The miso sauce was pretty simple. It consisted of soy milk, dashi (prepared following Cooking Issues method: 10g/L Kombu/water, circulated for 1 hr at 65C) white miso, pickled ginger and was set with a little Gellan F to give a good texture. It was very tasty and I could see a soup made from those ingredients and maybe garnished with mushrooms. I had seen in the Alinea cookbook a technique that makes a “sheet sauce”. Basically a sauce is gelled with gelatin or gellan and frozen. It is then cut into rectangles (or any other shape as appropriate) and then it is placed on top of the food at service. The sauce then comes to room temperature and coats the food item in an even layer. The effect is both functional (an even layer of sauce) and aesthetically beautiful. Here is a post of this technique by one of the chefs at Alinea on the Alinea-Mosaic site. You can also see a couple of examples on Alineaphile’s blog here and here. I wanted to give this technique a shot with this dish, but did not want to risk it completely not working. So I divided the sauce up into two. One got the freezing on acetate treatment and the other sat in a bowl in the fridge. I’m glad I did that. The sheet sauce kind of worked but it is not nearly as successful as I had hoped. I think it needed to be thicker to work better.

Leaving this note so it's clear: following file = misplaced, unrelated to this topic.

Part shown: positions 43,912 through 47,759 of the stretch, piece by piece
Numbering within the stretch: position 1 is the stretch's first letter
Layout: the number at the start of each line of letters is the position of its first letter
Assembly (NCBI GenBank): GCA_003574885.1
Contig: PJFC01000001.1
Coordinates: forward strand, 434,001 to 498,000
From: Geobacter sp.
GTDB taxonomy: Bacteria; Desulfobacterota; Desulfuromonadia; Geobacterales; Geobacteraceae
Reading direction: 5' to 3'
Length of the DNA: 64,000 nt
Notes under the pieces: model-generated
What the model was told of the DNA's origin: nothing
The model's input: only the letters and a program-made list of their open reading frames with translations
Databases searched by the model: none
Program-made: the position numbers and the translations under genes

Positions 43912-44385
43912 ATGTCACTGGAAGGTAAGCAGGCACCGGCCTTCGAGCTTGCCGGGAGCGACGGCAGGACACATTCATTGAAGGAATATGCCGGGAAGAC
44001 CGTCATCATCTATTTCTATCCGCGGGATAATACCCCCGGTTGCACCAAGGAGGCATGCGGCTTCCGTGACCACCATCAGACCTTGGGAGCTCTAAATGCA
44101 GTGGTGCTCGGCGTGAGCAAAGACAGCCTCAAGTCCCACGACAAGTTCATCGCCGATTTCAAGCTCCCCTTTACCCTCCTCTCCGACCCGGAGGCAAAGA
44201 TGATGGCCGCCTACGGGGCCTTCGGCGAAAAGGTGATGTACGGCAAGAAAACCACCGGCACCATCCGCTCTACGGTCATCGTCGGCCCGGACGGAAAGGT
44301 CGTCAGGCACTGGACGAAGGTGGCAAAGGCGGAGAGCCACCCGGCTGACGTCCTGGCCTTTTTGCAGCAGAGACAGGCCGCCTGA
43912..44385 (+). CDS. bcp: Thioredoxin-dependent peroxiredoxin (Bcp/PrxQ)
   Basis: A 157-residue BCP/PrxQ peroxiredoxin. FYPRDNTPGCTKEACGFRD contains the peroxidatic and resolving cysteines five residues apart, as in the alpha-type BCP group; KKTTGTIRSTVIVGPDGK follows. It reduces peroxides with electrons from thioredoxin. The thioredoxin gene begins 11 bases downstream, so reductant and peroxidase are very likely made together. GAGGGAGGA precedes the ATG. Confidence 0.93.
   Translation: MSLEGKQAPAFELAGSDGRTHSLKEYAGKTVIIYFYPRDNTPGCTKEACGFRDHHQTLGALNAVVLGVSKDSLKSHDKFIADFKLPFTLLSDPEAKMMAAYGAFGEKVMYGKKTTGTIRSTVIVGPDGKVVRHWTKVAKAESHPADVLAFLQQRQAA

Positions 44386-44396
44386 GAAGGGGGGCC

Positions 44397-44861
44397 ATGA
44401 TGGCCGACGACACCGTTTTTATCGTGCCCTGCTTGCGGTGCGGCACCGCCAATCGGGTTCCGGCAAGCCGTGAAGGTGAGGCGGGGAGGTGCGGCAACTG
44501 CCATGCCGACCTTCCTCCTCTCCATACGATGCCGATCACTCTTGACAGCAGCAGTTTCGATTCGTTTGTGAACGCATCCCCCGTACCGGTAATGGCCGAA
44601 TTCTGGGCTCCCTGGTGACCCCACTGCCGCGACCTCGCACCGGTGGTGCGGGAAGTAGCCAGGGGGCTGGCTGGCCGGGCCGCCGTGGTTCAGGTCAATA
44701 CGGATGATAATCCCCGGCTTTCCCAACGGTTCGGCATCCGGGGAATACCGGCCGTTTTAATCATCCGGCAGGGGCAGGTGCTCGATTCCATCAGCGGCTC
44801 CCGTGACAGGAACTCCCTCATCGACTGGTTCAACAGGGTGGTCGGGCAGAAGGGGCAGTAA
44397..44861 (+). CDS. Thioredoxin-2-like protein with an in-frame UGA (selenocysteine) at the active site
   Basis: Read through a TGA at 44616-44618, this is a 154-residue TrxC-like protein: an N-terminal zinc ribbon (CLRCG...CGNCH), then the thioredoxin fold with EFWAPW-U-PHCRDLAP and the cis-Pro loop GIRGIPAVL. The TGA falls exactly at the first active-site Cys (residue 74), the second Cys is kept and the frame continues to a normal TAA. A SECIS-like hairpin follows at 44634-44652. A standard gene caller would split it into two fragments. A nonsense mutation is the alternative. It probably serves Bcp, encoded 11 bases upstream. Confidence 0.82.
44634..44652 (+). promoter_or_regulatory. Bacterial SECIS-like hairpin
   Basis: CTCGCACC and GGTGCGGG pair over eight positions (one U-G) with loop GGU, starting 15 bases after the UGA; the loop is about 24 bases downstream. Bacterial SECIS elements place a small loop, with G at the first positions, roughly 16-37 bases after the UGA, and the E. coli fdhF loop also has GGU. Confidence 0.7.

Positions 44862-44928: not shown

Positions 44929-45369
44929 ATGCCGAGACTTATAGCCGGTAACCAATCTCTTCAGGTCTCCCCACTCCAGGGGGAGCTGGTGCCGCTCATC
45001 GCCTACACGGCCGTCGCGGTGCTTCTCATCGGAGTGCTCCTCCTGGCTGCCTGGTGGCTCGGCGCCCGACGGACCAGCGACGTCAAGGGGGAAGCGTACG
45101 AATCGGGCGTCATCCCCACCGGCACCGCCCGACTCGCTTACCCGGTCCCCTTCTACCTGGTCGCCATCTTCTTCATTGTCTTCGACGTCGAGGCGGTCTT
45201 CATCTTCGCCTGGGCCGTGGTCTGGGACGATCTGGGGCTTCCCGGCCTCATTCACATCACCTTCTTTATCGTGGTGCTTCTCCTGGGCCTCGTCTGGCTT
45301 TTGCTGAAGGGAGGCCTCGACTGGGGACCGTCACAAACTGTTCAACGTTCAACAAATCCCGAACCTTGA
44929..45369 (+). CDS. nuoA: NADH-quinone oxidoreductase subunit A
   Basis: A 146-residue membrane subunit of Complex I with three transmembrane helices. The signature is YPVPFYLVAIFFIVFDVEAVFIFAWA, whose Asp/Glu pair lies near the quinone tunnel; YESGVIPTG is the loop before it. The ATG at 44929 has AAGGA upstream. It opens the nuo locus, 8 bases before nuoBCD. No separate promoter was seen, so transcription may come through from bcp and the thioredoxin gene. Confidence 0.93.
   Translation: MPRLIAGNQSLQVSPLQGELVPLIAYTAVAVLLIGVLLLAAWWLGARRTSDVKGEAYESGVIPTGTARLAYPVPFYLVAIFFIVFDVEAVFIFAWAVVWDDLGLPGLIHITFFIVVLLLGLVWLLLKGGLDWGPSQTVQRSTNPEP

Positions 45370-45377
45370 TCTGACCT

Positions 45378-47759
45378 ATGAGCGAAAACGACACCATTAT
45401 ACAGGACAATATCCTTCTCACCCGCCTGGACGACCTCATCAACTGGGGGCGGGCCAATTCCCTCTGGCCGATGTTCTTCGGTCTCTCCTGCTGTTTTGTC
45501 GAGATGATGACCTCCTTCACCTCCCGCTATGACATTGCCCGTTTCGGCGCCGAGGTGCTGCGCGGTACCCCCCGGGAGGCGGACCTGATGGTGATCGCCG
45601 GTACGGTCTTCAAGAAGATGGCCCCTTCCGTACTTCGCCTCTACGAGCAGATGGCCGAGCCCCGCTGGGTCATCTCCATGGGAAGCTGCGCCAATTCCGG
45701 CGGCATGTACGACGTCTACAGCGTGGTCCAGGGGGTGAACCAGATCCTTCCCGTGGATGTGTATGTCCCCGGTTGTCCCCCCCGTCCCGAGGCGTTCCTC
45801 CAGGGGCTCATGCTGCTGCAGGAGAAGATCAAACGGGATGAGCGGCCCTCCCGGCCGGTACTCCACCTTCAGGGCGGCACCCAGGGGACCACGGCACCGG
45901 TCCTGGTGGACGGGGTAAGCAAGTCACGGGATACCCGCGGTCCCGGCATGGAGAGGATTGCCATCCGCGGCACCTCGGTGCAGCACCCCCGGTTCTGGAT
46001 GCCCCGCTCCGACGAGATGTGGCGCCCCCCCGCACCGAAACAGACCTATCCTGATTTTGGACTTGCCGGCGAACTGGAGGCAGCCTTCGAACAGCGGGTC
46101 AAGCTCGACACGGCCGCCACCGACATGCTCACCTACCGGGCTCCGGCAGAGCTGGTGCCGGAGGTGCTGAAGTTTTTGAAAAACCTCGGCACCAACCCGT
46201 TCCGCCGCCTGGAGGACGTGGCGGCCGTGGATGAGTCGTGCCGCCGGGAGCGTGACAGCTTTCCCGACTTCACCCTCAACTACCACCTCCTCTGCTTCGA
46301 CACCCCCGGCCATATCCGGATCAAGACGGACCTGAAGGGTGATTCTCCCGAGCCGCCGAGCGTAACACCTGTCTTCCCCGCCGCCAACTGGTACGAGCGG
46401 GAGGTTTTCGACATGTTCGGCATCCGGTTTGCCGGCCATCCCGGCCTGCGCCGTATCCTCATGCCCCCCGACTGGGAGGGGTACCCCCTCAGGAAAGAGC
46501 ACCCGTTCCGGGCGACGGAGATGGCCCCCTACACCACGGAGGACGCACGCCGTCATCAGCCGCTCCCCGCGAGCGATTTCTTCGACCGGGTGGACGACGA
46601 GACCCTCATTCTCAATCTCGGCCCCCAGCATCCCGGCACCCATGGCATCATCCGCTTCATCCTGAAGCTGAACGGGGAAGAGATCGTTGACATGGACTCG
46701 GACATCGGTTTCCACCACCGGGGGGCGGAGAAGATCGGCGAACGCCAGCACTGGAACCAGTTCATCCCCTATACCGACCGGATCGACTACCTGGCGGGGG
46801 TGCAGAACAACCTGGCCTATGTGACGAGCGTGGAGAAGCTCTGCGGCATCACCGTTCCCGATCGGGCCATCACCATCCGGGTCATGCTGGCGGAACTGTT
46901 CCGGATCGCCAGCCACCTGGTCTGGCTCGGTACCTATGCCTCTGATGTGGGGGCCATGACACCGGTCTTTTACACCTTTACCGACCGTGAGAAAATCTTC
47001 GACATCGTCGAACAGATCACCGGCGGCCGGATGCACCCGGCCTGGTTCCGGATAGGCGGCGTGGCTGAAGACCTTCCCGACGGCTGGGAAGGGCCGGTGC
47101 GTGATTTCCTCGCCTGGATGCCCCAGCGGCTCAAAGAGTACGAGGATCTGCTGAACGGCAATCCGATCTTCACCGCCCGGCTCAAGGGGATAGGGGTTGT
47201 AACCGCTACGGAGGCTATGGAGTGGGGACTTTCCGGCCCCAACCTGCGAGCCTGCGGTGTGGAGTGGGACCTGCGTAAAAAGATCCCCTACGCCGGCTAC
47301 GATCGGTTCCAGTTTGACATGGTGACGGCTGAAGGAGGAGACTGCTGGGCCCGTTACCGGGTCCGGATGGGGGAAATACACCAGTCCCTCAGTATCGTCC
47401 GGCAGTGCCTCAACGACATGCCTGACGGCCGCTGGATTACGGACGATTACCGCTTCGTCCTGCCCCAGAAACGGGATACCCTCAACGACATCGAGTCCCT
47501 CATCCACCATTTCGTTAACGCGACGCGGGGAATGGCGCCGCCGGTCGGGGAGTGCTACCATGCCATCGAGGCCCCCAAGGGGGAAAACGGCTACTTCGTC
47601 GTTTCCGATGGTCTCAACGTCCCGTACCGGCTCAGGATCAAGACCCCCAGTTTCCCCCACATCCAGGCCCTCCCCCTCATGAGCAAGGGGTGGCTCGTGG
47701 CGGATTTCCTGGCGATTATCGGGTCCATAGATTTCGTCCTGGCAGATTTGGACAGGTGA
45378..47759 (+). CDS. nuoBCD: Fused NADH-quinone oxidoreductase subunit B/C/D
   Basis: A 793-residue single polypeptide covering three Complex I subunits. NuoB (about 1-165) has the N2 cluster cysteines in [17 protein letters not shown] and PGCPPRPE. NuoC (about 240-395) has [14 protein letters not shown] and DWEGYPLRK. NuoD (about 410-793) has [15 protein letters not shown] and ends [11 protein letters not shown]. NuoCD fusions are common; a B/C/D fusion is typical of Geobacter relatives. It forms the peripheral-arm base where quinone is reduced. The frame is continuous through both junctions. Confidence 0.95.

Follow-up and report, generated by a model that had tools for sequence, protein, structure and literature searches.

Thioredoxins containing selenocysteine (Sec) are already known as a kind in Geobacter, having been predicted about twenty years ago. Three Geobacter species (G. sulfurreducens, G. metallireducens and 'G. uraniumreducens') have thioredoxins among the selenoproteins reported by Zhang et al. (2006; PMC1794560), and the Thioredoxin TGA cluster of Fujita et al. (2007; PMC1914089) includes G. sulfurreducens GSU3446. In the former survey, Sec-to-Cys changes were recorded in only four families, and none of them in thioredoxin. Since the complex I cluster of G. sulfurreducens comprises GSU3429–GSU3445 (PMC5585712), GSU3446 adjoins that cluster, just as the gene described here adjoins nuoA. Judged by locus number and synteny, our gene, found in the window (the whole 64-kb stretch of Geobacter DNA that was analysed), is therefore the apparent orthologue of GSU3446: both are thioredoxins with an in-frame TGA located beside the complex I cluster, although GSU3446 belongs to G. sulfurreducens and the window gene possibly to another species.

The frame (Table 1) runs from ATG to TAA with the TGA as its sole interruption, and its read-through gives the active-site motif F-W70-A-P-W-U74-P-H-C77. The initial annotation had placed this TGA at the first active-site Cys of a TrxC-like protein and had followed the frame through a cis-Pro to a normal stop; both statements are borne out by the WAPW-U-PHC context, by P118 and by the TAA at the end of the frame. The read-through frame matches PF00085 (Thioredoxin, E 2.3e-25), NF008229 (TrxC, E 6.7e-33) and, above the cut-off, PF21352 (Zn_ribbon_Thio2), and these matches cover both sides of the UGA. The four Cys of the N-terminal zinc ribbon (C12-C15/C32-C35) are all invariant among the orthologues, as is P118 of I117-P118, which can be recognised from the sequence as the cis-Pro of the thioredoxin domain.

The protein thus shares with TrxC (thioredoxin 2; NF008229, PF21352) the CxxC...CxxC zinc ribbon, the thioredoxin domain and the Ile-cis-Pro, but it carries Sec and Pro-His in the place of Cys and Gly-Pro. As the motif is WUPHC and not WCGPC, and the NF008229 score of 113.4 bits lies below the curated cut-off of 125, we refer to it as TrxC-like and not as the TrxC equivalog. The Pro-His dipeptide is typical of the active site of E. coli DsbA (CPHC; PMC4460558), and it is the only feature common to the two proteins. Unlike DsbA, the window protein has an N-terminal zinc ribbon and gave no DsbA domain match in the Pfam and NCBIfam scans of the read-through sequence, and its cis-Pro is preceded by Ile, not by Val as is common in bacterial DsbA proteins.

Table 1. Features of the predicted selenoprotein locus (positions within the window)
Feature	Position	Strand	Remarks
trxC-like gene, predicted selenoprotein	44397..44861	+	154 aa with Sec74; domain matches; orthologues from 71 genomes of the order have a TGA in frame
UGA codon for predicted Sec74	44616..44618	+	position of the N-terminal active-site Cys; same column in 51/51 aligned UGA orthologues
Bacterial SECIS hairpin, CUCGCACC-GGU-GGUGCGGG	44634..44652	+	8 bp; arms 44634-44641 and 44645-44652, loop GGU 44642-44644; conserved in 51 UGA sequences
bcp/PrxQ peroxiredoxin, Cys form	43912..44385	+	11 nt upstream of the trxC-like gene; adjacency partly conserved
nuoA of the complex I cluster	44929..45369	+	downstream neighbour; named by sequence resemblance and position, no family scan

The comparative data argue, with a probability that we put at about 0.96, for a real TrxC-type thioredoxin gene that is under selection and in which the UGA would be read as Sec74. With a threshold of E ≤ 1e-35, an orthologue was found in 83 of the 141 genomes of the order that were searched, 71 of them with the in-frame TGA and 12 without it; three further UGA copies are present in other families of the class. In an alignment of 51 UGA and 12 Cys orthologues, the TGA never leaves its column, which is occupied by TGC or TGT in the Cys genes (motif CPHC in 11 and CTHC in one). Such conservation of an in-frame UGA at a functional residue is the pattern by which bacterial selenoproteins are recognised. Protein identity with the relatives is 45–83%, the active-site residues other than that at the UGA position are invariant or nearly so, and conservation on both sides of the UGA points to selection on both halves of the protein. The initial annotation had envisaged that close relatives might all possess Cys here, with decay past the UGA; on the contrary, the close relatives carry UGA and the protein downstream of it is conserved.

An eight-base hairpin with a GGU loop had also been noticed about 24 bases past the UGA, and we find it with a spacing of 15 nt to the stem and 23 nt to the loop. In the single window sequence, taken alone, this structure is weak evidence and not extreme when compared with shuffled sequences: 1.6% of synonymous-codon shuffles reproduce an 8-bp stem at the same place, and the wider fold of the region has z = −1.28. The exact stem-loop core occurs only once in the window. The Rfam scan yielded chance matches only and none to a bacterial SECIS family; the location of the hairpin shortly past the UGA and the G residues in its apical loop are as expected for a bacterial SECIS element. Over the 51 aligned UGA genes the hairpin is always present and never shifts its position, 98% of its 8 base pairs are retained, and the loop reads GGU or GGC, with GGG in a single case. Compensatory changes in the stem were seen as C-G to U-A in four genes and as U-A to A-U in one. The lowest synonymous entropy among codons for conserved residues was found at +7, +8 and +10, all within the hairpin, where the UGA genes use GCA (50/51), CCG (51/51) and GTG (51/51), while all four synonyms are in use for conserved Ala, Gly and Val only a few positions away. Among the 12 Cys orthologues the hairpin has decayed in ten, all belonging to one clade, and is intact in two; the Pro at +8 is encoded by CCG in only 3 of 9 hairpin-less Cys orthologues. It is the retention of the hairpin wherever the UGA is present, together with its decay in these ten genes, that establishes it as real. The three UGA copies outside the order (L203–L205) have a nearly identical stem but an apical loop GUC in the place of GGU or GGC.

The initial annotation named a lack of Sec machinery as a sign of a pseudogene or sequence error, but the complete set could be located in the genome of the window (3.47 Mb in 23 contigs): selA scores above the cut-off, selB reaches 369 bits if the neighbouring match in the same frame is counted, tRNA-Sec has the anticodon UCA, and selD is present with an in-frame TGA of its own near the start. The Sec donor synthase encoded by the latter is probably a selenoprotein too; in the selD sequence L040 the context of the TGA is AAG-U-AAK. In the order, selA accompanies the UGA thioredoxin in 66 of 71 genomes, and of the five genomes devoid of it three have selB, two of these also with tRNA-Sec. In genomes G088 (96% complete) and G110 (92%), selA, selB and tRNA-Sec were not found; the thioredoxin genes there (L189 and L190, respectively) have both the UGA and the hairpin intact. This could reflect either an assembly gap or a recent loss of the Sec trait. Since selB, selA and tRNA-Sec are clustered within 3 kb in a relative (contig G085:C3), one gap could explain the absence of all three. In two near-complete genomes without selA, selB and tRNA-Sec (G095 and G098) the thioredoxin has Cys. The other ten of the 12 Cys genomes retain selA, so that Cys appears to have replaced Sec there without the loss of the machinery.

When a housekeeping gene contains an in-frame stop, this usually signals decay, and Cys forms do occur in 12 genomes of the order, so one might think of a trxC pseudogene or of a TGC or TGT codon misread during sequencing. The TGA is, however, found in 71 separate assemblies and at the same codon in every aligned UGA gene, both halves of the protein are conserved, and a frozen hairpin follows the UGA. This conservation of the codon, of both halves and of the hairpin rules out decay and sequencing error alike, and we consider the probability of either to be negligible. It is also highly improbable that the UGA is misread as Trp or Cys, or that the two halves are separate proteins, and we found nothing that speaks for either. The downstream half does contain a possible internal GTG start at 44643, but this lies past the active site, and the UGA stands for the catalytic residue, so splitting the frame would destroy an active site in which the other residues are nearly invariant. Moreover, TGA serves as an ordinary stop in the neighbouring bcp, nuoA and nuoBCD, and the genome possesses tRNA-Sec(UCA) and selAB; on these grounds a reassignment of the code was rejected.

For the tofu, I made my own bean curd and cut it into cubes. I seasoned them with chinese 10-spice powder and breaded them (egg wash, flour, crumbs) with Panko bread crumbs before frying them till nice and crispy. I wanted to add some color to the dish and that’s where the orange sweet potato balls came in. I cooked them Sous Vide with a few tablespoons of pickled ginger juice. They tasted fantastic and looked really nice on the plate.